I tried to get a picture of the skeleton faces and bloody prom dresses as they skated by, bent low, arms swinging, pushing and shoving for position, but the light just didn’t work out. It could have been because I just couldn’t squeeze myself into a decent enough viewing spot to get a good picture, or perhaps I am simply not tech-savvy enough. Either way, I have no Rollergirl pictures from the special Halloween bout for you – my apologies.
Months ago, Gav and I discussed picking up tickets to a couple of Saints games, namely the Washington and San Francisco games. Pre-season hadn’t even started yet. At the time, I even imagined that perhaps the Saints would do well enough to desperately need a win against my utterly dominant hometown team. All I can say about that now is, our predictions are all 100% accurate until the season actually begins. But we waited too long and can’t get tickets now.
So what do these two things have in common, besides physical contact, high speeds, risk of injury, and arcane rules puzzling to the novice spectator? The similarities between roller derby and football are remarkable - as Concerning Pudding’s Brooke drunkenly enthused, “It’s the football I always wanted to play!” Though she now denies it vehemently, we here at F&L know the truth. That aside, what I’m really driving at is the fact that both sporting events sold out, and that’s pretty remarkable.
I don’t think I’m the only one in town who has noticed that everything around town from the big events – Mardi Gras, Jazz Fest, Saints games, etc. – to the little ones – Morning 40 at Les Bon Temps, my classes, etc. - have been just as crowded as ever. It is, at least, a definitive fact that the Saints have NEVER sold out a season before. Hell, part of the reason everyone around here hit the bars on Sundays is because it seems like half the time the Saints were blacked out. For those of you who grew up in places like northern Virginia, “blacked out” refers to when an NFL team doesn’t sell out a home game, and then the local broadcast network doesn’t show it on tv. You can, though, catch it on satellite in a well-equipped bar. I know, for folks in the D.C. area this is a foreign concept, but really, even a couple of years ago that still happened around here.
Now, while I can’t prove that all events are just as, if not even more, crowded than they were in prediluvian (I just coined that neologism) times, that will not stop me from hypothesizing on possible explanations.
Certainly there’s something to the idea that, as Spike Lee succinctly put on that Monday night when the Saints first returned to the Dome, “This is all they got. It’s three hours of this and then back to the FEMA trailer.” No doubt, we New Orleanians will take our fun when and where we can get it, no questions asked. As for those who thought we shouldn’t celebrate the Saints coming back to town when so many of us are still homeless and displaced, unless you’re one of us (and I didn’t hear of any New Orleanian complaining) you can go to hell.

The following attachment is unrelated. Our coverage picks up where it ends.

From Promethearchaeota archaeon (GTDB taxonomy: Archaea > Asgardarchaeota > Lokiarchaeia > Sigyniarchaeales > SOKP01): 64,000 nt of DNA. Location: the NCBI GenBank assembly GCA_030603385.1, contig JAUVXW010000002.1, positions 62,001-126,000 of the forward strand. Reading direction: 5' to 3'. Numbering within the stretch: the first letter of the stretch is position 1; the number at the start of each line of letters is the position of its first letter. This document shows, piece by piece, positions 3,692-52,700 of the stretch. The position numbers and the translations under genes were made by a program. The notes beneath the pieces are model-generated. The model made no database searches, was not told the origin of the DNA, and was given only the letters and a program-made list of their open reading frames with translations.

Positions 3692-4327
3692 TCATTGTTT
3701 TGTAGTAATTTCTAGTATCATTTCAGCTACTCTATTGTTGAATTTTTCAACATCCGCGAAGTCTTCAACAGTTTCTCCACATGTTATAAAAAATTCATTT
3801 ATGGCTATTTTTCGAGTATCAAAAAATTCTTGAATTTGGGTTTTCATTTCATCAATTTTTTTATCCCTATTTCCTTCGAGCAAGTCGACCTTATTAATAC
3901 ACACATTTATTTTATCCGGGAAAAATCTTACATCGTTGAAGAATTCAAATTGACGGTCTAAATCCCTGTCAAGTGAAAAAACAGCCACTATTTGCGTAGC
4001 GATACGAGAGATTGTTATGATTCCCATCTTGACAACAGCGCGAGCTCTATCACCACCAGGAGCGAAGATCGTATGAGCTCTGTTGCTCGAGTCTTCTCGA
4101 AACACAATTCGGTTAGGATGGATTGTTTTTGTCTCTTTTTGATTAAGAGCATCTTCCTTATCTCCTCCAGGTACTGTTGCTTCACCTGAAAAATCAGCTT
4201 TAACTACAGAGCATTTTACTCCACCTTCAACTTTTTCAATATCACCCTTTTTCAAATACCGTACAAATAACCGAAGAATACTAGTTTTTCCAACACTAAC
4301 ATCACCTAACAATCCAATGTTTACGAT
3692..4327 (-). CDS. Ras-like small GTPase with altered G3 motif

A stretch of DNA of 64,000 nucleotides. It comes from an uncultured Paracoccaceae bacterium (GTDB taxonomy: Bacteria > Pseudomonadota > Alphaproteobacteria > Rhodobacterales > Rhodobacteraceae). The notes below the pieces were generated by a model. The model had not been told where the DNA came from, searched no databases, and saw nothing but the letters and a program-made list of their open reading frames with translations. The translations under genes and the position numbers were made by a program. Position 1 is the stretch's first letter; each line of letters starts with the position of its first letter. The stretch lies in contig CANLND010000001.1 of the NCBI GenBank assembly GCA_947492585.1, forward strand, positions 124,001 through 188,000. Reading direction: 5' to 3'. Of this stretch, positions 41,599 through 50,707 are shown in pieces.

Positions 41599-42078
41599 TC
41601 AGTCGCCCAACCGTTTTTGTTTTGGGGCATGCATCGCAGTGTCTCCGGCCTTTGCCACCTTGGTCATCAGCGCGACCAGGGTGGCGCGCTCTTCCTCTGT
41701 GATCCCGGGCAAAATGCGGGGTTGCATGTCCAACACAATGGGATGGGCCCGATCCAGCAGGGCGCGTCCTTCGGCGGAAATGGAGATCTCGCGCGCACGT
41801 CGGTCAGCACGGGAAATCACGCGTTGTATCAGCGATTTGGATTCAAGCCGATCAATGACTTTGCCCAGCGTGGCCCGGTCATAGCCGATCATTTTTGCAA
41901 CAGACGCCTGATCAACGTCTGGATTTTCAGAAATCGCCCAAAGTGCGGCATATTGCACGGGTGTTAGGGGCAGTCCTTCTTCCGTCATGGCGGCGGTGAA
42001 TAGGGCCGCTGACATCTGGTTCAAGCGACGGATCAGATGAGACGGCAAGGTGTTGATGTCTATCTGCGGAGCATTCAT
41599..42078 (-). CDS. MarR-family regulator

It could be that those of us here feel an obligation to drive as much of the economy of the city as possible, to make up for those that aren’t here. That’s a lot of drinking, eating, and partying on everyone’s shoulders, but if there’s any people up to the challenge, it’d be us. Also, there’s nothing like total destruction to light a fire under your butt about doing things. That “Oh, I’ll catch Voodoo Fest next year,” excuse rings a little hollow when nobody around here yet trusts that there will be a next year, at least not as far as our little city is concerned.
But while it’s true that New Orleanians love a good time, there’s more to it than that. Some have suggested that there’s nothing like winning to bring out a crowd, and that’s definitely true, but it’s not just the Saints that New Orleanians are jumping up, getting out and spending money for. Plus, the Saints were breaking ticket sales records before a game had been played.
There’s an old Saints p.r. slogan you still see around town on bumper stickers and the like, back from the days when it seemed the Saints could always find a way to lose: “You gotta have faith.”
You want to know why I think the Saints and the Rollergirls sell out? Why, even though there’s only a quarter (okay, maybe a third) of us that there used to be, we’re still getting what’s left of our city to chug along as best we can? Because we do have faith. We might not have homes to live in or the jobs we had a year ago; we might not have working street lights or decent roads or reliable water service; we might be missing the friends and relatives that used to make up the community of people we saw every day, but we have faith, faith in this city and faith in each other.
(And trust me, it’s not faith in government, be it local, state, or federal. If anything, New Orleanians have even less faith in those peculiar institutions than the rest of the country. Not that I can imagine why.)
No, it’s the city itself we believe in, our dear, odd, eccentric mystery of a city. We believe it will pull itself up, brush itself off, and dance again. Can I explain why I’m sure this will happen, why I know New Orleans will one day be its old charming self again? Nope. Can I point to anything that convinces me that this will happen, despite all the misery I see every day? Not really.
Sure, there are plenty of little things; signs of slow recovery are everywhere, from the pothole around the corner that finally got filled in, to the walls in my house, to the Saints winning in the Dome, but what convinces me that any of it will last, that all the horror won’t just happen again? Nothing, actually, but then that’s the very nature of faith, isn’t it? You don’t know; but you do believe.